The New Zealand Parliament at any time has five hundred pieces of legislation in the pipeline from conception to royal assent. It is a relentless sausage machine that spits out laws that affect all of our lives, often in significant and negative ways. The sheer volume of legislation going through the machine at any time defies belief and no one could seriously argue that all five hundred bills currently in the works are critically important to the functioning of our society. Anything that slows down such a relentless machine cannot be a bad thing.
We need to constrain the ability of our governments to pass legislation. New Zealand has no upper house (having abolished it in 1951) or other constitutional checks on the ability of the House of Representatives to make laws. I have written before about how I like the Texas approach, where the legislature meets for no more than 90 days every two years, which means it simply doesn't have the time to pass too much legislation and has to be very selective in which laws it passes. This is surely one of the reasons Texas has been one of the few success stories in a moribund American economy in recent years.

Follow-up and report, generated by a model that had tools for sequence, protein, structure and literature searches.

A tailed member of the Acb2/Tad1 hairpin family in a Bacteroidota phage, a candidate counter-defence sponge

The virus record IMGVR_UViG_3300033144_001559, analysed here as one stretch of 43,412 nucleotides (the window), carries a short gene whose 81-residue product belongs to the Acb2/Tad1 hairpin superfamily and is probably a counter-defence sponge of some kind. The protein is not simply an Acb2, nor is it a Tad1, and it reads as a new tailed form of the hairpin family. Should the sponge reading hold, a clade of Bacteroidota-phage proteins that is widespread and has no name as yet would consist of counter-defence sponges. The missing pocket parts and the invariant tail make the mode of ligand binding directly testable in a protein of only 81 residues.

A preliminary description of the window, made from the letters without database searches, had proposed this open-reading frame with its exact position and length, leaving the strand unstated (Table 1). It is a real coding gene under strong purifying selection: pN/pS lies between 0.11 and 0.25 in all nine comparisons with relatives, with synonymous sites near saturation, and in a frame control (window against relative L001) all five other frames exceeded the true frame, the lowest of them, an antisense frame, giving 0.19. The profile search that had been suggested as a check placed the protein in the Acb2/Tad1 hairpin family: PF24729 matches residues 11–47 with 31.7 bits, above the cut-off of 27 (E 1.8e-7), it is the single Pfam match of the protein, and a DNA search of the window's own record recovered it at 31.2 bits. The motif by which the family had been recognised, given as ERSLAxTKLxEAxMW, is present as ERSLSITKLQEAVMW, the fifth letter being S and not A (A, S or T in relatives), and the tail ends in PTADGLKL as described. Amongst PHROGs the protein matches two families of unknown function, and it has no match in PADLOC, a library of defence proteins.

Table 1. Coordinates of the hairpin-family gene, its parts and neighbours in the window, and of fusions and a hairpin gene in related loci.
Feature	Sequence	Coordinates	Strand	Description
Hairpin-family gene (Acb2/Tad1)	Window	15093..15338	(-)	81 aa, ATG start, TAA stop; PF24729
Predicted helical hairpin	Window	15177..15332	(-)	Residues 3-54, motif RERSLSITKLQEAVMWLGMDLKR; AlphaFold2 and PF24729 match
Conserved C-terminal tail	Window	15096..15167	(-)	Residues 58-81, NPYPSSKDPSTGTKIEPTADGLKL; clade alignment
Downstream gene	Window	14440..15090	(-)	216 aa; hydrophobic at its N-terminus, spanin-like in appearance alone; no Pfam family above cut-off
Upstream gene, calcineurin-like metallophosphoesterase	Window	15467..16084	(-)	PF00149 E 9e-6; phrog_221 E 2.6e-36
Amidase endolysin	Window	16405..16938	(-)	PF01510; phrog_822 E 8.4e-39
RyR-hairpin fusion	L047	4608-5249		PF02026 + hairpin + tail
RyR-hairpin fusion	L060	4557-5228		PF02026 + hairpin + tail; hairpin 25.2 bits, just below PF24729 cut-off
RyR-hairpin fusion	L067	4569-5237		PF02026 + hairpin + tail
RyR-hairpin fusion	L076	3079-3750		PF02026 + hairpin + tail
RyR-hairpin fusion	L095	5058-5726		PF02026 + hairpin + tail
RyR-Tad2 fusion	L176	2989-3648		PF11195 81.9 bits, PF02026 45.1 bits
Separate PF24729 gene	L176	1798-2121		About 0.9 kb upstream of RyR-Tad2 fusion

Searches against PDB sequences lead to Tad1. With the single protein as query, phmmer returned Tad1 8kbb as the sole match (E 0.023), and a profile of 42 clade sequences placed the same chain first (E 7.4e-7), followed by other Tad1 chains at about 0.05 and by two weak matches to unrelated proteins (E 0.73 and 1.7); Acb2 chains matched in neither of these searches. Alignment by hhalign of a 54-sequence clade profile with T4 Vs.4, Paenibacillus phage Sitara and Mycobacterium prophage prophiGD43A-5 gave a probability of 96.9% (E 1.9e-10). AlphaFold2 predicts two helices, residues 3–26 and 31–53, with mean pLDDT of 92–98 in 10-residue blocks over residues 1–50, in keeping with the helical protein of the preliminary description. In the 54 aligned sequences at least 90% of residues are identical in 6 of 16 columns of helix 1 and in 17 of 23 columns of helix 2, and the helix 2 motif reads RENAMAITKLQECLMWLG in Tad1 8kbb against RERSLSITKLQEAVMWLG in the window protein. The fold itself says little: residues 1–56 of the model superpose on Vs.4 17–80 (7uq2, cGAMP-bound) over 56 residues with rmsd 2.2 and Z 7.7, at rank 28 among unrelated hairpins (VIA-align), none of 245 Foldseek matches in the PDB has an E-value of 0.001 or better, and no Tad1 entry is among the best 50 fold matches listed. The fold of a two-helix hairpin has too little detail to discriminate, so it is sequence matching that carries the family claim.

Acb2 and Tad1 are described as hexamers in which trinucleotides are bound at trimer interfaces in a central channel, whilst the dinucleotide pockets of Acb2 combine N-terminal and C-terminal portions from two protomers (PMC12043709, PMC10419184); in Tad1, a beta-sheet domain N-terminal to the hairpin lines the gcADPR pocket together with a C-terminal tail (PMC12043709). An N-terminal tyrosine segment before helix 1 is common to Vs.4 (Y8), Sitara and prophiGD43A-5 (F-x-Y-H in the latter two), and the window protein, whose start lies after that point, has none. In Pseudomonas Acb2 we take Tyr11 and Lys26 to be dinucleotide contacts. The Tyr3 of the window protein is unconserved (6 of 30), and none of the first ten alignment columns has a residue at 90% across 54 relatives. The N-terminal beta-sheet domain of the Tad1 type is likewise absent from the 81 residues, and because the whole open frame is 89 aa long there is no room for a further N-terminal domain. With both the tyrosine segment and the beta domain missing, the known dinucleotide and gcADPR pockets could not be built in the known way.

I hope the coalition negotiations surpass in length those after the 1996 election, which took more than two months. In fact, if those involved could draw out the negotiations for about three years, the country would be much better for it.